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Am I Being Overworked and Underpaid?

Posted by: Lynn Sedgwick

Feeling overworked is a modern-day problem that is common in a large portion of the workforce. A recent survey found that 28% of employees felt overworked often, or very often, with 55% reporting that they feel overworked most of the time.

Additionally, a CIPD survey found that 1 in 4 employees put in at least 10 hours of overtime each week. “Great!” you might be thinking, “Overtime means extra pay!” – but what if I told you that the vast majority of overworked employees are not compensated, either fairly, or at all for their efforts.

It is this combination of being overworked and underpaid which causes stress and eventually burnout – work-related stress and anxiety now accounts for over half (57.3%) of all sick days taken in the U.K.

To avoid this, employees should be aware if their job is causing them undue stress and what to do if it is. In this article, I will share the recruiter’s guide to taking action if you are overworked and underpaid.

 

What Am I Worth?

Working out if you are being compensated fairly for the work you do can be tricky. If you have been in the same role or company for a while, it can be easy to accept the incremental changes to your salary and not question if you should be asking for more. 

If you aren’t comfortable asking your manager right away, you can do some of your own research. If you work for a large company, take a look at the current vacancies and see what they are offering for similar roles to yours.

When you stay with the same company for a lengthy period, but your salary hasn’t changed much since your initial offering, this can be a sign that you are being underpaid.

 

Am I Being Asked To Take On Increased Responsibility?

A common problem in workplaces across the U.K. is that the longer employees stay with the same company, they are expected to take on more responsibilities – without any increase in salary.

As you stay and grow with the company, you will naturally learn about processes that are directly in your job description and outside of it too. 

Perhaps you had to cover for a co-worker when they were on holiday; your job is in marketing, but you helped out in the accounts department, and now you help them out when they ask you because they ‘know you can’.

Often, increased responsibility comes in the form of a long-term staffing issue – either a co-worker is on long-term sick, or there is a vacancy that your employer can’t seem to fill. You and your colleagues take on the extra responsibilities at first, but these ‘extra’ responsibilities soon become the norm.

There are also physical and psychological signs to look out for which can indicate that you’re overworked; these include-

  • Difficulty relaxing and ‘switching off’
  • Feeling overwhelmed
  • Feeling tired all the time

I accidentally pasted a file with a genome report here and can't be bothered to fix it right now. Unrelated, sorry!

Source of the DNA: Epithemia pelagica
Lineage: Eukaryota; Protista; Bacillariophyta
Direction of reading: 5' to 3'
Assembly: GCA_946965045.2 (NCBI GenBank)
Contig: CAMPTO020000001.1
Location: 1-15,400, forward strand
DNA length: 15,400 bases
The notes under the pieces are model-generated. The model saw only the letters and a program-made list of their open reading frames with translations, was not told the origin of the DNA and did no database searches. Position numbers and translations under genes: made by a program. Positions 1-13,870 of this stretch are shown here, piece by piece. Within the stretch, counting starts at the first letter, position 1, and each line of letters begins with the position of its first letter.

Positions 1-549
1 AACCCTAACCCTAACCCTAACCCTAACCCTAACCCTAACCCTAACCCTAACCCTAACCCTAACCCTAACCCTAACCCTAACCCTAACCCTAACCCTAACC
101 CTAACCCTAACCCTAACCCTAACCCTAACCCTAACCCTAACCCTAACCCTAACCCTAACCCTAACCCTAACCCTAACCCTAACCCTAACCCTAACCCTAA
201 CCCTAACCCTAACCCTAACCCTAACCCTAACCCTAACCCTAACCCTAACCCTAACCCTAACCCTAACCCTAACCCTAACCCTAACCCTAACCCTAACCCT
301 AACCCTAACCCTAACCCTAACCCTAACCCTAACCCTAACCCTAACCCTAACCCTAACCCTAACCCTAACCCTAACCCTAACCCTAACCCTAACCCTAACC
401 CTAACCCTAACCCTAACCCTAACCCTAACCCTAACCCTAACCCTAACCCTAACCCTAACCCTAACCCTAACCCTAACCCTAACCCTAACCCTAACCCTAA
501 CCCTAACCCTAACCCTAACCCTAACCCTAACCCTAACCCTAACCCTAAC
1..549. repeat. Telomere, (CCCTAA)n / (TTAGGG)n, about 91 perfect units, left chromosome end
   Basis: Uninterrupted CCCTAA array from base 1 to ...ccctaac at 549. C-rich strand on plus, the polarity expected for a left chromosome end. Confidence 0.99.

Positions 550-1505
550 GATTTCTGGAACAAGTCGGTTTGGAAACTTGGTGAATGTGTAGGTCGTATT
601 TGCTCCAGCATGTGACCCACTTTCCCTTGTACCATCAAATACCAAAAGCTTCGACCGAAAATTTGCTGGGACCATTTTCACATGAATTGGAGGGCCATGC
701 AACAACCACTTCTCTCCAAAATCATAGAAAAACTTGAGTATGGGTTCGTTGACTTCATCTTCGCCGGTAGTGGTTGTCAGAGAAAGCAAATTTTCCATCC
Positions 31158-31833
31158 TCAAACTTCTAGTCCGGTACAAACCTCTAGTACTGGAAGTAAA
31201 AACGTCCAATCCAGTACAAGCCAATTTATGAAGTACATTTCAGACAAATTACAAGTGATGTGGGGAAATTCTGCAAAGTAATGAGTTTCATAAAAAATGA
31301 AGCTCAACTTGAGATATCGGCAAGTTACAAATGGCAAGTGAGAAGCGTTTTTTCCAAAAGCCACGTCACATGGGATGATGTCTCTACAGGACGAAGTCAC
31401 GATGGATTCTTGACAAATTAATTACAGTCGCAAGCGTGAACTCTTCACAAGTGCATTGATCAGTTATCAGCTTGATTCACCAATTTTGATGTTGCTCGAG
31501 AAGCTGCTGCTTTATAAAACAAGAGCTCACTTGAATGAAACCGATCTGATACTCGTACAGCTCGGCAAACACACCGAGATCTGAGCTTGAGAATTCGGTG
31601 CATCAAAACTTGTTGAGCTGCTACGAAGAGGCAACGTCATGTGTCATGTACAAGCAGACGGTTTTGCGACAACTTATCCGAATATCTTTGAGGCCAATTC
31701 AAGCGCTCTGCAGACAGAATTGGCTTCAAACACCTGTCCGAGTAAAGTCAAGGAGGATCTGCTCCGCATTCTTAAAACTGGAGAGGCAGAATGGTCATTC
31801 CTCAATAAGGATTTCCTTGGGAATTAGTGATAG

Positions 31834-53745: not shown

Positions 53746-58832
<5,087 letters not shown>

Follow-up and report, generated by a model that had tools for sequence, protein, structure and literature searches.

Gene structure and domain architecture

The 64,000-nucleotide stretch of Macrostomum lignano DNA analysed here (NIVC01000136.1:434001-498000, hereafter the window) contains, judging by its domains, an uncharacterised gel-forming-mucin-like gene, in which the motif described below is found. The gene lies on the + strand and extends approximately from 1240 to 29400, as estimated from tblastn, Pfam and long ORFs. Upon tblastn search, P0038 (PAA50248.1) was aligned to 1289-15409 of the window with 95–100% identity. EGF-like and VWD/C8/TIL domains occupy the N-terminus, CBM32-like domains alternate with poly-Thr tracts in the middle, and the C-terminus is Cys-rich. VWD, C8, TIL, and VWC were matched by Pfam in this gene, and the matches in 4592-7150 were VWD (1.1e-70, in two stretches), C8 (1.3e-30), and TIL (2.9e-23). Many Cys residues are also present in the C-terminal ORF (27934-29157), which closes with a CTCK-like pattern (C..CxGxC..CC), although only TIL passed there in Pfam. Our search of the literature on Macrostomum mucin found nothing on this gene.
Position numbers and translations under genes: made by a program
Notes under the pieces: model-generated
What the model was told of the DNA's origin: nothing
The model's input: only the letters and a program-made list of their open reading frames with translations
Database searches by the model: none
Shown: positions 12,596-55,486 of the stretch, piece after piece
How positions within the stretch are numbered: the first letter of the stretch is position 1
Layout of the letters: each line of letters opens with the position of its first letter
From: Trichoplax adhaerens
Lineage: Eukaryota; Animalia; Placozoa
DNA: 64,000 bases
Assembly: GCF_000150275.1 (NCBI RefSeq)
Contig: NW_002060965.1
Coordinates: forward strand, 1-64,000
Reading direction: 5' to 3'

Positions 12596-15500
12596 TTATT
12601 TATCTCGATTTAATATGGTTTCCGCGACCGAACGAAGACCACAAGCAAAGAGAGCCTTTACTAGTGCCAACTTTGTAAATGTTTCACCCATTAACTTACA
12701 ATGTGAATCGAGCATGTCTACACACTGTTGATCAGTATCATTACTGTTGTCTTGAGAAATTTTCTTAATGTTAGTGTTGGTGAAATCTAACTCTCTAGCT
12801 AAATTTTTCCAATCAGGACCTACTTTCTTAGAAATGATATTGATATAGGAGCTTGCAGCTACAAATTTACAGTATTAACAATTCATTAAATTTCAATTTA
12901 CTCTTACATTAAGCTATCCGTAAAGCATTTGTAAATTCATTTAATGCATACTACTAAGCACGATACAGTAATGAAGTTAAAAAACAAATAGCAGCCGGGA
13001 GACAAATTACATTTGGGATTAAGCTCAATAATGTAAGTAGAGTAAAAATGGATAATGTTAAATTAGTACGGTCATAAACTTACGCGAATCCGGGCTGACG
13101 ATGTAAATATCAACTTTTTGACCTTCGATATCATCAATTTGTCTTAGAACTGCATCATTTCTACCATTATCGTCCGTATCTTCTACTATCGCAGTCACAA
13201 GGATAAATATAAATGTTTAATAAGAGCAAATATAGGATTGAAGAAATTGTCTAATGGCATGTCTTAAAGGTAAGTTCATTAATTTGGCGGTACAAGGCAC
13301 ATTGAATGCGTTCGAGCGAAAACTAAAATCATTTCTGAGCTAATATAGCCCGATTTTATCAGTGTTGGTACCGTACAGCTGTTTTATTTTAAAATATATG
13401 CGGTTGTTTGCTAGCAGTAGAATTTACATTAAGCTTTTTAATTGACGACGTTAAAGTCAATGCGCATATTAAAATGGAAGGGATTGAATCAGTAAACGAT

• Loss of interest in things outside of work
  • Increase in, or loss of, appetite
  • High blood pressure

Being overworked for extended periods can have significant adverse effects on your physical and mental health, and it is advisable to decrease back to your contracted hours to alleviate these effects; otherwise, issues can occur for you as time goes on.

 

Benefits and Perks Aren’t Everything

Many employers believe that offering generous benefits and perks is equivalent to a salary increase – and many employees agree with them. 

If you prefer flexible working, a free gym membership or early finishes on Fridays over a monetary reward, then that’s great if your employer offers them.

But if you started your job thinking that the perks were a nice bonus, but you also had salary expectations which have not been met; then it becomes an issue.

If you believe that your employer is offering you extra perks to try and deflect away from the fact that they are not paying you enough, this is a sign that it’s time to act and do something about your career.

 

Should You Strike a Deal or Not?

If you realise that you are overworked and underpaid, you have two options; either ask for a pay rise or begin the search for a new job. 

If you plan to go to your manager to discuss your situation – always go prepared.

If you are planning to ask for an increase in pay since you have taken on more responsibilities, make a list of everything extra you now do (and if possible – the time it takes to do these extra tasks) for the same salary.

You should have had a performance review in the last 12 months; admittedly, this doesn’t always happen in some organisations. If your manager gave you praise for your work during this review, you could use this as an example of your excellent performance.

 

What Next?

Are you overworked and underpaid? If the points raised in this article sound familiar, there is a good chance you could be. 

If you want to talk to someone about your employment options and how to secure a job where you are fairly treated and compensated – get in touch with us today.

We help employees find roles where they thrive, and we only work with the highest-standard of employers in the North West.

Thanks,

Lynn

ABOUT CLAYTON RECRUITMENT

Clayton Recruitment has been partnering with organisations across the country since 1989, and during that time has built up an excellent reputation for trust and reliability.

With specialist divisions covering Commercial, Financial, Industrial, Nursing, and Engineering appointments, on both a permanent and temporary basis. If you are looking for your next career move, we can help. Call us on 01772 259 121 or email us here.

 

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